Saturday, 2 June 2012

Our Place in the Church of England

It has been a week of anniversaries. Today, of course, is the 59th anniversary of the Coronation of Her Majesty the Queen; a strange number to celebrate with such festivities as this weekend’s, but it is all grist to the royalist mill. On Tuesday was the anniversary (the 352nd) of the wonderful Restoration of the late King Charles, and if my acquaintance is anything to go by, this is being even more widely celebrated than the Diamond Jubilee.

There are still plenty of us Highflyers about, attached to the good old way of Passive Obedience, Non-Resistance, and Hereditary Right. Like the Deputy Prime Minister, we have our doubts about the Act of Succession. But we are true to our oaths, have abjured (if not forgotten) the Pretender, and will celebrate today with unfeigned delight, although omitting the specifically Hanoverian verses.

Our attachment to Passive Obedience, Non-Resistance and Hereditary Right is, after all, shaken by yesterday’s anniversary (the 342nd) of the Treaty of Dover, although we are not convinced that the Revolution has either delivered on its promise of freedom from arbitrary and intrusive government, or avoided a French alliance. We seem to suffer still under both.

We are, however, content. You will not find us with placards outside the General Synod, chanting “a king de facto will not do”. In fact we regard the excesses of those too attached to the previous dispensation with some distaste. A little Popery does no harm, as preserving us from Puritanism, and the Stuarts’ prelediction for exotic queens set rather a precedent for Anglo-Catholics. But they do their cause no good by slavish adherence to authorities which the constitution of the Church of England repudiates, and to bishops as German as Hanover.

We are, in fact, still stuck in 1714. The Fanatics get all the converts, the Socianians write all the books, the Latitudinarians have all the bishoprics, and the Non-Jurors get all the publicity.

But what of we non-juring Jurors? We loyally proclaim afresh in each generation the profession of the Church of England, as it was left by our fathers. It is true that we would add to the historic formularies that bear witness the Homilies Against Rebellion, Eikon Basilike and the Perils of False Brethren in Church and State. But even without these additions we have been assured of an honoured place. Archbishop Laud, Thomas Ken, and Samuel Johnson have been added to the calendar (not that we use that calendar, of course). It only wants Atterbury, Bolingbroke and Judge Jeffreys and our joy will be complete.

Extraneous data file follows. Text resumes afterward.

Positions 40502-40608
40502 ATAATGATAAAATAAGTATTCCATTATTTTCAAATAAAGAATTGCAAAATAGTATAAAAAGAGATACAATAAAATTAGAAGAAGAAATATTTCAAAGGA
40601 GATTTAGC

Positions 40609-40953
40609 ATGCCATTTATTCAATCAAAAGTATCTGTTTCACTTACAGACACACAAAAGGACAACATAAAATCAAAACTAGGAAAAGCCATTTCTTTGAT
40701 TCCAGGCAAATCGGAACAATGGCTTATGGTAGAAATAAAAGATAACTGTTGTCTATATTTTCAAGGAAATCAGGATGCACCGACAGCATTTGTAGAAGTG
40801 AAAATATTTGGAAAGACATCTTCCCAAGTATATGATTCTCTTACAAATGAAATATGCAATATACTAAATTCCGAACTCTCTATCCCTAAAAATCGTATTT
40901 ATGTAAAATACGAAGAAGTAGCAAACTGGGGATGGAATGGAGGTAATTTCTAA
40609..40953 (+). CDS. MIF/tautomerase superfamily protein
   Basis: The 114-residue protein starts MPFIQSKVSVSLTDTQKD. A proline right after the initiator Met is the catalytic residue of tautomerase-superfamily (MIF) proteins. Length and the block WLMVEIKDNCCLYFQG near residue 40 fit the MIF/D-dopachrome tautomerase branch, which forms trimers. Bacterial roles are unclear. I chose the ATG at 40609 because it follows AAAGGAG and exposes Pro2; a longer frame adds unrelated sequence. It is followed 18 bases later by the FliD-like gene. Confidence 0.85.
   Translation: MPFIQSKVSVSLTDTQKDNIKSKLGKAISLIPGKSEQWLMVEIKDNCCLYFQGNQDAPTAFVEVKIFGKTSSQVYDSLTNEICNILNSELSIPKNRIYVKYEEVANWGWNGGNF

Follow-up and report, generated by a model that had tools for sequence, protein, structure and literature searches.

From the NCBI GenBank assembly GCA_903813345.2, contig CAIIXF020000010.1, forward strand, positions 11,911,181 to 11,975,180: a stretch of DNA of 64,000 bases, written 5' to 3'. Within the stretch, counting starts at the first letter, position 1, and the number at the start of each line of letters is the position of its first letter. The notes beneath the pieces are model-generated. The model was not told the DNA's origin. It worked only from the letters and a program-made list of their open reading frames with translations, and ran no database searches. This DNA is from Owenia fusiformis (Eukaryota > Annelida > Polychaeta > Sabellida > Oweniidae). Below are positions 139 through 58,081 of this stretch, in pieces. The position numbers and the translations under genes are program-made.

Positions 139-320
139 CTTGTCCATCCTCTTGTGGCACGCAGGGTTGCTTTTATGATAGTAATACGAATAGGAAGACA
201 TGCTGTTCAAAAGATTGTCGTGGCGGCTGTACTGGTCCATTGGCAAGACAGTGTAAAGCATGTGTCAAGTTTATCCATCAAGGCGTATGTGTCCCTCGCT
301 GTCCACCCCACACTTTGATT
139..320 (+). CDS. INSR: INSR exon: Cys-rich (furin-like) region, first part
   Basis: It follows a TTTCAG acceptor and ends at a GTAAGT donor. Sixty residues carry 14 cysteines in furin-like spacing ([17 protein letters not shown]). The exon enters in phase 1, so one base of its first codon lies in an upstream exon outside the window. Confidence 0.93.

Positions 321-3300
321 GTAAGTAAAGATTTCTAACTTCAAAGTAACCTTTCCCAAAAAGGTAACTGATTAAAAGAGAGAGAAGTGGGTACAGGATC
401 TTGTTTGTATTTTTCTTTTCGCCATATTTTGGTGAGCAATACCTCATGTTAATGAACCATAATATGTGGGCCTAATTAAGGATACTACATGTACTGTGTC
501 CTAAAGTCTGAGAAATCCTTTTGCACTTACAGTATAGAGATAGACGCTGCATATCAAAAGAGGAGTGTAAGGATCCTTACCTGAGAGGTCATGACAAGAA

More urgently, however, we ask the House of Bishops to fulfil the promise of its new policy and ensure for us a “constant supply” of High Tory Bishops. Our liking for moleskin waistcoats is not mere fustiness, but a matter of theological conviction. So it is only right that we have bishops who will drink their toasts over the water and archdeacons who will take the shortest way with the Dissenters. Not every bishop a Tory, of course (we could hardly expect that) but neither every one a Whig.

In turn we advise hotheads on either side to refrain from Associations, and Jacobites and Non-Jurors to cease scorning the Church of England. A little Passive Obedience and Non-Resistance would do wonders for every party in the Church of England. As ever, a bit of Highflying Toryism proves to be the true via media.

For while we might also like to see the restoration of Hereditary Right, we think it as likely as that the growth of iniquity will really be stopped, that decayed things will actually be restored, and that restored things will be properly maintained. Better to spend our energies in a serious call to devout and holy lives. And one day, perhaps, the King shall have his own again.

1 comment:

  1. We ought to keep Oak Apple Day every year, wearing our oak apples with pride.

    The roots of the American Republic, of the campaign against the slave trade, of Radical and Tory action against social evils, of the extension of the franchise, of the creation of the Labour Movement, and of opposition to the Boer and First World Wars, are in Catholic, High Church (and thus first Methodist and then also Anglo-Catholic, as well as Scottish Episcopalian), Congregationalist, Baptist, Quaker and other disaffection with the Whig Revolution of 1688.

    Within those communities, long after any hope of a Stuart restoration had died, there remained a sense that the Hanoverian State, its Empire, and that Empire’s capitalist ideology were less than fully legitimate, a sense which had startlingly far-reaching consequences.

    Radical action for social justice and for peace derived from testing the State and its policies against theologically grounded criteria of legitimacy.

    It still does.